The problem is every psychedelics company is building a ‘tech platform’. It has become synonymous with any psychedelics pitch deck nowadays. A tech platform sure sounds sexy, but it’s not always real or practical. Remember all those weed/crypto deals buzzing around in 2018? I can’t remember any by name (shockingly) but you just don’t hear about them anymore.
Cybin’s( CYBN.NEO) partnership with Kernel flow technology is something tangible. I wrote a piece last month on the benefit of Cybin’s ability to integrate Kernel flow technology with psychedelics trips in the future. The technology has the potential to allow patients of psychedelic-assisted psychotherapy to get a more granular look at how their brain functions. It’s also non-invase meaning the user doesn’t need to put anything into their body. (Elon Musk in shambles) I see potential in this as a consumer product to add to a VR/AR collection. I could see this being used to monitor and document one’s own microdosing experiences at home.
Cybin talked about building an e-commerce platform to sell mushroom supplements last year. It’s set to be completed by the end of 2021, which is kind of a long time for web development (as a dev myself). Something like Shopify would be a much quicker way to get it built unless there are going to some wild API integrations or AI to work with.
MindMed (MMED.NEO) CEO JR Rahn, a former Silicon Valley techie himself has mentioned building tech platforms for the psychedelics industry in several company interviews. MindMed will incorporate HealthMode’s machine learning, product development, and operations employees based in Silicon Valley, New York City, Bratislava, and Prague into MindMed’s newly established digital medicine division, Albert. MindMed recently acquired HealthMode – a machine learning digital health company. I like JR’s connection to the valley, the microdosing culture there has been widely documented. Having strong connections to that world seems like the perfect situation for a psychedelics company interested in tech.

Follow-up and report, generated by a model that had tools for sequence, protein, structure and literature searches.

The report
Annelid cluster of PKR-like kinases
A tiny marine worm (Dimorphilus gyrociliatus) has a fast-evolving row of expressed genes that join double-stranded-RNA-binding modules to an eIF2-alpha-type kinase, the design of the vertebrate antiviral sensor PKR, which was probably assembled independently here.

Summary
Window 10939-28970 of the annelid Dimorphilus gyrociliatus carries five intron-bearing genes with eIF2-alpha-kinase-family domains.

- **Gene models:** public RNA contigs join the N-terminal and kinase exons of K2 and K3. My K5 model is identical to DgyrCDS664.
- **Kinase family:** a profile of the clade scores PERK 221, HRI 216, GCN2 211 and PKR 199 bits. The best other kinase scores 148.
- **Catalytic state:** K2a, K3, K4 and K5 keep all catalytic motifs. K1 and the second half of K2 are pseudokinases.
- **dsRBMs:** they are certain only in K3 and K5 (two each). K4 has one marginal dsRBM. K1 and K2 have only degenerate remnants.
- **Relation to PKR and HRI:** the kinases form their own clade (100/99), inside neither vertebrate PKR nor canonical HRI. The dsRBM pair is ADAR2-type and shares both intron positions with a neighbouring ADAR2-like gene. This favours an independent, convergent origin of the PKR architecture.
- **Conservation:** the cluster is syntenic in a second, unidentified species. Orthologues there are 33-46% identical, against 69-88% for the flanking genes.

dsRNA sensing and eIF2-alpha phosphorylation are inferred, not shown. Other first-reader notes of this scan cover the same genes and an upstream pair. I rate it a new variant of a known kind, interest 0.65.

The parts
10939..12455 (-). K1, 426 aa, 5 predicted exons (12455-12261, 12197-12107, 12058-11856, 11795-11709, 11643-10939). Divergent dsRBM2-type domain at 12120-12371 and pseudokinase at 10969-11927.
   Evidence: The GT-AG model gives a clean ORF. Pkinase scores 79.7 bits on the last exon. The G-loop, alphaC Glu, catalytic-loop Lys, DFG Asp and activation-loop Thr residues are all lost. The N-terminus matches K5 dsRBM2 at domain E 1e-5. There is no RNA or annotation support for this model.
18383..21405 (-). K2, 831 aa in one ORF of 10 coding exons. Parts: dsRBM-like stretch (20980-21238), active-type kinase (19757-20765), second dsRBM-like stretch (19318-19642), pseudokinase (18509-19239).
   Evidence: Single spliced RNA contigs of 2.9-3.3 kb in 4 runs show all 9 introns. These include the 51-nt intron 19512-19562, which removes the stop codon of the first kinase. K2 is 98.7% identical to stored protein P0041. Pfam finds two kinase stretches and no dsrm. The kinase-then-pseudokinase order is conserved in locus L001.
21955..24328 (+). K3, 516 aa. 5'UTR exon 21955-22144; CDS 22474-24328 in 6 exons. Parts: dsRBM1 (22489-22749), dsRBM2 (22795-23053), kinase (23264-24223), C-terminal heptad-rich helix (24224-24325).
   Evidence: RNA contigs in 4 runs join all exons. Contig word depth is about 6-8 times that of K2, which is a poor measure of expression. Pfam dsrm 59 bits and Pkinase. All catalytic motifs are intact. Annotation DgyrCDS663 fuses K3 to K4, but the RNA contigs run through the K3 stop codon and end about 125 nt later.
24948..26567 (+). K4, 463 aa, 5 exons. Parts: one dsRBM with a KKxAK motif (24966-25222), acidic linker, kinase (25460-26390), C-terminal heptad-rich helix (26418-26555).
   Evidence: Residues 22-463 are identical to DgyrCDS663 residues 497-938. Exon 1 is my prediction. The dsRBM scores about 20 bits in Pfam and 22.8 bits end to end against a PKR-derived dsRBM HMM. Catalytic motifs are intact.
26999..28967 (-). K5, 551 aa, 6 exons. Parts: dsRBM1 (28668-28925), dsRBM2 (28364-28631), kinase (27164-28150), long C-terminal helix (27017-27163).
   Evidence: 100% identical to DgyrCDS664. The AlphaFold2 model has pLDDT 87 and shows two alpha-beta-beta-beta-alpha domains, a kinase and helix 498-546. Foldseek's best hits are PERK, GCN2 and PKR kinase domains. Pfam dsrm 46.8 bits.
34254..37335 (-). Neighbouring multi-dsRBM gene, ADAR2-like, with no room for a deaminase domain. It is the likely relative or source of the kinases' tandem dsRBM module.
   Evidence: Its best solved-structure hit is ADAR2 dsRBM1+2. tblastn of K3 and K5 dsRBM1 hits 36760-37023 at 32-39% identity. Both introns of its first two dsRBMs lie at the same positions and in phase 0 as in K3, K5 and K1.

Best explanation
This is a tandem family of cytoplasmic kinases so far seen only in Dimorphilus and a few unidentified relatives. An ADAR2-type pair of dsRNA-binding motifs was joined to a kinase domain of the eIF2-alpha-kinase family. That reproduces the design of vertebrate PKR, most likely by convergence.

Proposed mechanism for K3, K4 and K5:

HealthMode will allow MindMed to do remote research studies. I think this could potentially lead to more widespread participation in MindMed studies down the line which could help grow their brand. HealthMode also already has a diverse pipeline of trials and products across areas like oncology, respiratory, neurology, gastrointestinal, psychiatry, and dermatology to name a few.
Red Light Holland (TRIP.C) created an online virtual microdose membership portal on their webiste. Those tripping at home can get advice from experts in the field and join a community of other microdosers. This could be a smart tactic for customer acquisition and engagement. I’m not confident many brand new users would approach psychedelics like this, but if Red Light Holland can use their platform to attract some OG’s in the space it could be a smart move. As a new company, building an engaged community of dedicated users is a big step in crossing the chasm, as the marketers say.
These examples are really only the tip of the iceberg. Companies were forced to innovate once Covid hit, but not all did. But Shopify and Amazon’s data have shown us creativity matters when generating leads or gaining customers, especially in this strange era we are in.
These are young companies who are going to face a lot of bumps in the road in the years ahead, I like the ones who can come up with new ways to keep their investor’s and customers’ attention.